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Discussion Starter #1
Has anyone used the Sinister Diesel kit for your truck? Care to comment on installation and use?
 

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Why do you need a coolant filtration system on the 6.7? The 6.7 uses the same coolant that gasoline engines in your explorer, escapee, chevy, dodge etc uses. The coolant is the DEXcool or equivalent. You do not see filtration systems on gasoline engines do you?

This for sure would be a waste of money in my mind.
 

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Hi Larry; I guess that I read too much some times. I get Diesel Tech magazine, plus a few other subscriptions, and I was reading about coolant filtration today. According to what I read, the 7.3 and 6.0 definitely need filtration, but the 6.7, not so much; but should still be filtered. All of the major suppliers make a coolant filtration kit for the 6.7 for a nominal fee, and basically easy install, so yes, I was considering. That's why I posted here; for input. Let's see; that's 1 'no'.
 

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Ford also says in the maintenance schedule to change the coolant in both systems at 105,000 miles. Not sure the requirement of the 7.3, 6.0 or 6.4. I could see a filtration setup if you were going to run the coolant 250,000, 500,000 or more miles like the big rigs.
 

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OMG people - get in your truck and drive it. All this extra filter, separators, CJ vs CK oils, truck stop fuel vs normal sized station fuels, cold air intakes, SeaFoam, DEF deletes, DPF deletes, and other additive crap discussions are senseless. There are hundreds of thousands of trucks on the road and the owners don't worry themselves silly on forums - probably don't even know forums exist. Their trucks run just fine forever by putting in diesel fuel from the nearest station and changing the oil once in a while.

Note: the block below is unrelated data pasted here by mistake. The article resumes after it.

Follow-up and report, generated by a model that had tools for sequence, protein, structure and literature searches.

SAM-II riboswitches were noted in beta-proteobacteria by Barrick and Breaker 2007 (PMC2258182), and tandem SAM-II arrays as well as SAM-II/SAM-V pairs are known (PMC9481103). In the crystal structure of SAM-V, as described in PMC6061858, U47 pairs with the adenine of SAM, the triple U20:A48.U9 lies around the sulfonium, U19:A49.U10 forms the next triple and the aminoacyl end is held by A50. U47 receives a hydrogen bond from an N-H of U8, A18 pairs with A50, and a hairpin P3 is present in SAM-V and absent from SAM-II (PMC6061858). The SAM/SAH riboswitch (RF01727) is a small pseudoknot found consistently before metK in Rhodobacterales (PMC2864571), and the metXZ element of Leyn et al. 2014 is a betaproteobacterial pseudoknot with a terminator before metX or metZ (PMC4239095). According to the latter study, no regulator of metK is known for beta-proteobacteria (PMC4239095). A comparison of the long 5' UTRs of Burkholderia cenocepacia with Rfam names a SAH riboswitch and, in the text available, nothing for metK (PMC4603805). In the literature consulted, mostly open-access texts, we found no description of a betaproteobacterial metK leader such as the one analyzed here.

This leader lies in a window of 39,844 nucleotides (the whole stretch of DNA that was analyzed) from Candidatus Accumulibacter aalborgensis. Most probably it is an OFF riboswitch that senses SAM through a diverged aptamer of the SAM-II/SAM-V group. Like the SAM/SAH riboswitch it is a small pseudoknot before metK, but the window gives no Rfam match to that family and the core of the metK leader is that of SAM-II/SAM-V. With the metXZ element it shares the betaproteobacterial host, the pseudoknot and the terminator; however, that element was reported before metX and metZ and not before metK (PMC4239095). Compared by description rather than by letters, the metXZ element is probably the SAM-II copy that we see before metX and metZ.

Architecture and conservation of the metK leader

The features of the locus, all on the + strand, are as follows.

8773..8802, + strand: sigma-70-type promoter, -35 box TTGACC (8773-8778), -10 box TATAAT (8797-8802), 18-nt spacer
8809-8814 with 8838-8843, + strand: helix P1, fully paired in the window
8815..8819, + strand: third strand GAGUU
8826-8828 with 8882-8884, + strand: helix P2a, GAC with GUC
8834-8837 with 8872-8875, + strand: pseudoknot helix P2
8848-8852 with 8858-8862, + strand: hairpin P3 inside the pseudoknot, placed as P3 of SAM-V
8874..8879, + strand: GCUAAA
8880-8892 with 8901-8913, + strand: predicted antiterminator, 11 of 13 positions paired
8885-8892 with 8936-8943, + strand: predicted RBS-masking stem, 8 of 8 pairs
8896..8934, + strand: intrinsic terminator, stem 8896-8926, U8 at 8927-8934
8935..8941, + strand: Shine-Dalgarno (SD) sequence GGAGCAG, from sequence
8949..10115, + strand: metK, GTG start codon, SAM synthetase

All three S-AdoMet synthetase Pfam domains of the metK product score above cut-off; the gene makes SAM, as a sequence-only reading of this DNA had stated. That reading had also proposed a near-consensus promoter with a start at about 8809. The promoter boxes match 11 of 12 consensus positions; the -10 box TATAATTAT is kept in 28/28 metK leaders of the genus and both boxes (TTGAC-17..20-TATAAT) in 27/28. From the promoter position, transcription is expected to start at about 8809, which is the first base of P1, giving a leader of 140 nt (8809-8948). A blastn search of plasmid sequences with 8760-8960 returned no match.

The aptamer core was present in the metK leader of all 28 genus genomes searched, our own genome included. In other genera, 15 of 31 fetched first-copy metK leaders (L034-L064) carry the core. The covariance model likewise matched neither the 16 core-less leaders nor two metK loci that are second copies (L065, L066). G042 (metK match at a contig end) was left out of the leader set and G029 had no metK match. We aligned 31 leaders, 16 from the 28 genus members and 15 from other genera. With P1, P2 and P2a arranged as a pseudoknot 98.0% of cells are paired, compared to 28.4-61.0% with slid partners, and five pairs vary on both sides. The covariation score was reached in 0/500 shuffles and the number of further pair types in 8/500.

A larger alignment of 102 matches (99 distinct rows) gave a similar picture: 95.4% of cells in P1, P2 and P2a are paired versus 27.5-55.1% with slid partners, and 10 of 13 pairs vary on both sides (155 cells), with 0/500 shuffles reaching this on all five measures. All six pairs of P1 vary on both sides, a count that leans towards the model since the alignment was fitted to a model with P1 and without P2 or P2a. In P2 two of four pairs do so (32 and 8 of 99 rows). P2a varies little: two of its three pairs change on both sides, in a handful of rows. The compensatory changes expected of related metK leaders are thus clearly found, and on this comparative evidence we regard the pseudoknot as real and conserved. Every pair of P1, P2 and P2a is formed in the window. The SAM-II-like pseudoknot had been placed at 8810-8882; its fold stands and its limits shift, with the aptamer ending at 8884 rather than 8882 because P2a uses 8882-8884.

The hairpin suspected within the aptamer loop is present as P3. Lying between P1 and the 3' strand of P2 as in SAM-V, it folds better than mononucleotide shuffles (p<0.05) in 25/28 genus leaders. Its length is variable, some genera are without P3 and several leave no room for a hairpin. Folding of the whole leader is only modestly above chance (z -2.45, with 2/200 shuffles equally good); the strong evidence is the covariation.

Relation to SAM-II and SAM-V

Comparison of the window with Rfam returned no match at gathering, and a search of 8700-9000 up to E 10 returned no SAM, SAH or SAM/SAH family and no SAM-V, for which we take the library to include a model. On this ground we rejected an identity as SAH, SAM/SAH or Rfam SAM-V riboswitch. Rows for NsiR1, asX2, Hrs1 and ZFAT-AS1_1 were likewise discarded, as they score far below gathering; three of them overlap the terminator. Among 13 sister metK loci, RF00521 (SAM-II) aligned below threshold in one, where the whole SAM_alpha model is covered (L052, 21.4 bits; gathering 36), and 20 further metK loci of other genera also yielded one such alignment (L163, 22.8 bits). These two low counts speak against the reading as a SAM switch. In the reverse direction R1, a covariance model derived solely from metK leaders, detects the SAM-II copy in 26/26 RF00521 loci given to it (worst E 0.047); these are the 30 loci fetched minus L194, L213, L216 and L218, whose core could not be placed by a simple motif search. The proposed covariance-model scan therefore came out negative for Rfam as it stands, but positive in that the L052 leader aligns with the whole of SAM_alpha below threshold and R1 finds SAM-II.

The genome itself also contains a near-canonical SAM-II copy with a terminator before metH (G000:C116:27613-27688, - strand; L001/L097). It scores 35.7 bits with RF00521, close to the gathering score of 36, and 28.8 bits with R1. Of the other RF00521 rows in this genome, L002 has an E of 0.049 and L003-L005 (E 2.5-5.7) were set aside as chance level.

FLAME ON!!!
 

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Good grief, where do you people come from? If you're not interested in sharing ideas and discussing possible modifications, what are you doing here? I could find a lot better things to do than hang out a web site like a child molester at a kiddie bathroom.
 

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I did offer an idea......the filtration is money in the seller's pocket and less money in your pocket....my idea is to use the cost of the filtration unit to pay for changing the coolant at 105,000 miles......and use some of the money to buy one of the vacuum fill kits to avoid air pockets.
 

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Discussion Starter #9
Yes, Larry; you usually give me good advice/suggestions.
 

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OMG people - get in your truck and drive it. All this extra filter, separators, CJ vs CK oils, truck stop fuel vs normal sized station fuels, cold air intakes, SeaFoam, DEF deletes, DPF deletes, and other additive crap discussions are senseless. There are hundreds of thousands of trucks on the road and the owners don't worry themselves silly on forums - probably don't even know forums exist. Their trucks run just fine forever by putting in diesel fuel from the nearest station and changing the oil once in a while.

FLAME ON!!!


Please explain why you are on this "silly forum" if this is the case